Schoenenberger, who's from the Cedarburg area, finds that a lot of the images produced during the fest resonate with her because she knows the area.
Some plein air events have more circumscribed paints on given days. During the Door County Plein Air Festival, most days have an "artists around town" painting session at a featured site; there's also a sunset and a sunrise paint-out at featured sites and a dockside quick-paint.
The Wisconsin Plein Air Painters Association (WIPAPA) began as an informal gathering in 2008 and became a more formal organization in 2009.
"It's a huge benefit to connect with other artists," says WIPAPA coordinator Wendie Thompson. "We make good friends through the group."
Social media have "transformed the community," Thompson observes. Before, painters tended to be "stuck in some studio" between events; now they use Facebook to share paintings and to communicate ideas.
At a plein air convention, painters "have to come prepared for anything and everything," says Thompson. "Raining, snowing, good light, bad light." Painters have to think ahead on a number of levels, from advance location scouting to having the frame for the wet painting prepped in advance. Thompson drives around an area to find likely scenes, "looking for something that will tell a story" and also anticipating what kind of story the light will tell. Thompson describes it as seeking "something a little bit more."
Besides camaraderie, events also create "that little extra friendly competition thing that pushes you," says Thompson.
At breaks for lunch, painters have the opportunity to meet other artists they've previously communicated with only on Facebook. "It's fun to finally meet in person," says Thompson.
It takes about two to three hours for a painting to be finished. Painting from life has to be quick because "after that amount of time the light story changes dramatically. You have to get it down," says Thompson. "People say, 'It took me 15 years to learn how to do this in two hours.'"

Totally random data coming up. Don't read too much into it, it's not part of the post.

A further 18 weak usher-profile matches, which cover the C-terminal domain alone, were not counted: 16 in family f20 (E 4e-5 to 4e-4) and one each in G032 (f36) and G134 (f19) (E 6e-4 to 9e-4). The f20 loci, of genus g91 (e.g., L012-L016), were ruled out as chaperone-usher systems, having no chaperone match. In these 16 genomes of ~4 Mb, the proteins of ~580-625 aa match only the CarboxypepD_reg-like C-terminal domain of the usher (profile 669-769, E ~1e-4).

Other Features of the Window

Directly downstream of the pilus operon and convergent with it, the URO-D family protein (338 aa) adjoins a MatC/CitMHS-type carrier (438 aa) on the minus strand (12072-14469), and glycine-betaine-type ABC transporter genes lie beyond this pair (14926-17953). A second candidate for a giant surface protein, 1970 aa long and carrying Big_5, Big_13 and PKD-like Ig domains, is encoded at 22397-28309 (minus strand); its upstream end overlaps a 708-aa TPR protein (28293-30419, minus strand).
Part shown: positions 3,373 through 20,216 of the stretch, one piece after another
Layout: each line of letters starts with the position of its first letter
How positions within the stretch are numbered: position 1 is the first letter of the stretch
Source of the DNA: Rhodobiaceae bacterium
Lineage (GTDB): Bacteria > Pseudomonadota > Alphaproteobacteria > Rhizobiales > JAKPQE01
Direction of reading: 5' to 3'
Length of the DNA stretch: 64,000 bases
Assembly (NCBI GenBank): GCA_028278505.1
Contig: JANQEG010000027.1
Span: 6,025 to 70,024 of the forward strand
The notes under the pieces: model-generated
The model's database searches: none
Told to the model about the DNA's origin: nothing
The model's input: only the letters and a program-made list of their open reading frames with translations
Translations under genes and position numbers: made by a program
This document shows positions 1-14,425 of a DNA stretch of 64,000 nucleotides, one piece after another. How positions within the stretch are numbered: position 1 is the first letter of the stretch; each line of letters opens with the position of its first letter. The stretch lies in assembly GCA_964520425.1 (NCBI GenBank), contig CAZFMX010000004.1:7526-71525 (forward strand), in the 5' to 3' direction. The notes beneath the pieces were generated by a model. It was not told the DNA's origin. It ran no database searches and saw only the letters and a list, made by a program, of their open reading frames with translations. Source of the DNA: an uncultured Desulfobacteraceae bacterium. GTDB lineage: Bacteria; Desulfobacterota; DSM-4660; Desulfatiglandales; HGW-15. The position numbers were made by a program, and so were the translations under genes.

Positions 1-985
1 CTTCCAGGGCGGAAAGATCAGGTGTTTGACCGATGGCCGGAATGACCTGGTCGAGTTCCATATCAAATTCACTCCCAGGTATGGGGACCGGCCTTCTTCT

When painters arrive at a competition, it's not a violation of the rules for two or more of them to set up and paint the same scene. "Most artists would welcome that," says Thompson, "and a lot of time, artists will group together." On a practical level, it means "you can leave your stuff set up if you have to leave to go to the bathroom," laughs Thompson.
Cedarburg's event is the biggest, says Thompson, with participants producing over 400 paintings in a week's time. There's bound to be some repetition in choice of subject matter, but "they are all completely different works of art."
Each event has a different flavor. Green Lake's one-day event is fast. Artists show up, get their stamped canvas, paint it and turn it in. The Door County invitational is Wisconsin's premier plein air event. Forty artists are chosen to paint, and people come from all over to purchase art at its auctions.
As much as there is a community of painters around these plein air events, says Thompson, there is also starting to be a community of collectors who come from miles away to peruse the paintings for sale at the event-ending exhibitions.
Spectators do show up to watch the artists paint, too. Some "ride around in golf carts," reports Thompson, scoping out the paintings they would like to buy at the end of the competition. "For the artists, it's very validating, and it's fun and unique for the collectors to view the whole process."
Thompson finds most spectators to be polite, but sometimes a few need to respect the boundaries. "Sometimes people get between you and what you're trying to paint. Sometimes you hear 'My daughter could do that.'" And sometimes there are too many questions. "I'd love to be able to explain what I'm doing to you, but I'm in a timed competition," Thompson explains regretfully.
"I am thrilled about where we're at in Wisconsin," says Thompson. "We've worked hard to get [plein air] recognized as it is in other parts of the country."
Where the artists are
July 22-27; quick-paint 9-11 am July 27